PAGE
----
- Scaled Agile formalizes processes. Formalizes some processes that I feel should be more ad hoc or on-demand. Simply stating that in Waterfall there are formal approval processes. In Agile, a lot of times there are not. Scaled Agile uses some Scrum and Agile, but also has some more formal processes. As an example, the larger team has demonstrations. These are often pre-scheduled in a set cadence, that follows the iteration schedule. Sometimes there is not the flexibility to go outside of this for demo’s and get the good user interaction and feedback needed. Formalizing too much does hurt the team’s ability for self organization.
- SAFe adds layers of controls. Following the process of Scaled Agile can add additional layers of controls, that to me feels a bit like the formalized process of Waterfall development. These controls can hinder good iterative practices. They can create red tape that makes getting to the work difficult. These controls go against the principles of the Agile manifesto. Not that it is a bad thing. There are aspects of formalized control that are useful to the Agile and Scrum team. Especially when managing and organizing the work that applies across multiple or many teams. To develop software at the enterprise level, you may need these controls to scale the Agile team.
- The scale of the Agile project information can be overwhelming. For teams trying to implement this framework, the large scale of the framework can be a lot. Especially for team members newer to the concepts in Lean, Scrum, and Agile. This can make adoption more difficult. It’s not just about a team’s user-stories or their own sprint, but all of the Agile teams. Including all the cross functional and interrelated work. The project team can have so many things they must do that are not the software and product development work.
- SAFe can create a clutter of meetings and tracking processes. The volume of ceremonies and meetings to follow the Scaled Agile Framework creates a lot of clutter. For team members, working through all of that can be a headache. Also part of this is the number of tracking processes that can be included. Tracking of stories, dates, dependencies between teams, and more. All of that can add extra overhead, that can also be problematic for the teams. This can also hinder the ability to collaborate by teams and team members.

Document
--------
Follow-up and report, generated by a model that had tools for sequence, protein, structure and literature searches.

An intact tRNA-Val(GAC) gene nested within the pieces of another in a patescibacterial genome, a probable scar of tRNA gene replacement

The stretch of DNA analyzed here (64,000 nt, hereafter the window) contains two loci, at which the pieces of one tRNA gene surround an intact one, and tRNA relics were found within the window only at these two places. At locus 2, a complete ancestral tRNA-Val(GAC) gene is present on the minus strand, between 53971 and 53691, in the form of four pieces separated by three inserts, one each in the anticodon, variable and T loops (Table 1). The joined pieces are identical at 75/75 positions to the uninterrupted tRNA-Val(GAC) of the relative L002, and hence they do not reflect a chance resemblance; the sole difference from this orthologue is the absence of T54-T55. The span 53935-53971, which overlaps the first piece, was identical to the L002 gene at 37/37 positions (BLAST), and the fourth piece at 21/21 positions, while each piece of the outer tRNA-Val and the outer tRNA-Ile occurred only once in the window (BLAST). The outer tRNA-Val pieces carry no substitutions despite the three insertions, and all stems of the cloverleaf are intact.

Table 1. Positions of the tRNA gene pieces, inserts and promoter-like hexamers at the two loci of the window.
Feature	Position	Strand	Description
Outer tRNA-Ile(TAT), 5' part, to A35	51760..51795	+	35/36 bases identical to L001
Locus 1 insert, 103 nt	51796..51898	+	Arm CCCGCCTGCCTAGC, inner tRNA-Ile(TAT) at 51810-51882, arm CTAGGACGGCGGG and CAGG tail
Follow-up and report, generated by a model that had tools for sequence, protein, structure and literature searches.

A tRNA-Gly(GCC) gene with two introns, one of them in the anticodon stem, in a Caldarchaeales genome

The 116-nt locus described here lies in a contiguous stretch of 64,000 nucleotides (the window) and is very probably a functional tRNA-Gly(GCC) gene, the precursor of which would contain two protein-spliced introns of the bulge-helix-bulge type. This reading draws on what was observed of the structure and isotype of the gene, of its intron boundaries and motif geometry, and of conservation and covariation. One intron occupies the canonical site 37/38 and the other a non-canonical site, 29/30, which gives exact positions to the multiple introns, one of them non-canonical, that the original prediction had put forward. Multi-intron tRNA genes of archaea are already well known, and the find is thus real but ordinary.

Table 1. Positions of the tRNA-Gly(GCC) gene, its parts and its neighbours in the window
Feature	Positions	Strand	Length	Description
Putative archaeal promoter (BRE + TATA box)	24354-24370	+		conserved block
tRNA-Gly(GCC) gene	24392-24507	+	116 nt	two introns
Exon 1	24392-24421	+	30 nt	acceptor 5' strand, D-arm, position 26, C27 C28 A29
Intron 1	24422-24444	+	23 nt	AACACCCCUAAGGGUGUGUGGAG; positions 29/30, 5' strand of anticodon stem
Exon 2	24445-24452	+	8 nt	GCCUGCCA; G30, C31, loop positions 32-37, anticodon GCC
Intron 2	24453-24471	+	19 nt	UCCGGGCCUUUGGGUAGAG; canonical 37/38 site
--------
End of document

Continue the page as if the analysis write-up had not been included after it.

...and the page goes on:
Scaled Agile – When It’s All Said And Done
All of the things I dislike above have one main tendency. They can slow down your deliverables. This can help avoid mistakes, but not necessarily so. Mistakes can still happen, and now they just happen slowly, burning time along with the other things used up in the mistake.
With all the emphasis on planning and project management, estimation of work takes on more importance. This means the team spends more time on estimating work, than actually working work. This creates the need for the project manager role. Depending on the company, you may not have the role or may have moved it when you made the Agile transition. With SAFe, the need is back. With all the layers of control over the work, you need the project manager to run that. Unless you want to use up team members’ time on it when they should be focused on delivering the work.
There you have it. The Scaled Agile Framework for Agile software development. An Agile methodology that is all the rage right now. It may be able to help on your software project if the work is of large enough scale. It is helpful in controlling large volumes of overlapping work. But it probably won’t bolster your existing Agile practices and methodologies.
If you consider it for your organization and software project, use its best parts, and don’t forget your Agile tools along the way!
Additional reading and eBook content that helps with Scaled Agile
Agile Product Owner skills go a long way in helping the team. They are useful to roles outside of Product Owners too. Check out the top Product Owner skills for Agile.
Understanding the intent of Agile, its ideas, and its values will help to leverage it better and enable team success. Let’s start with what it is.
Feedback Loops are an essential part of learning and building the right things. More can be found in our eBook. The Feedback Loop – Get the Info You Need To Build in Quality. Available on Leanpub here.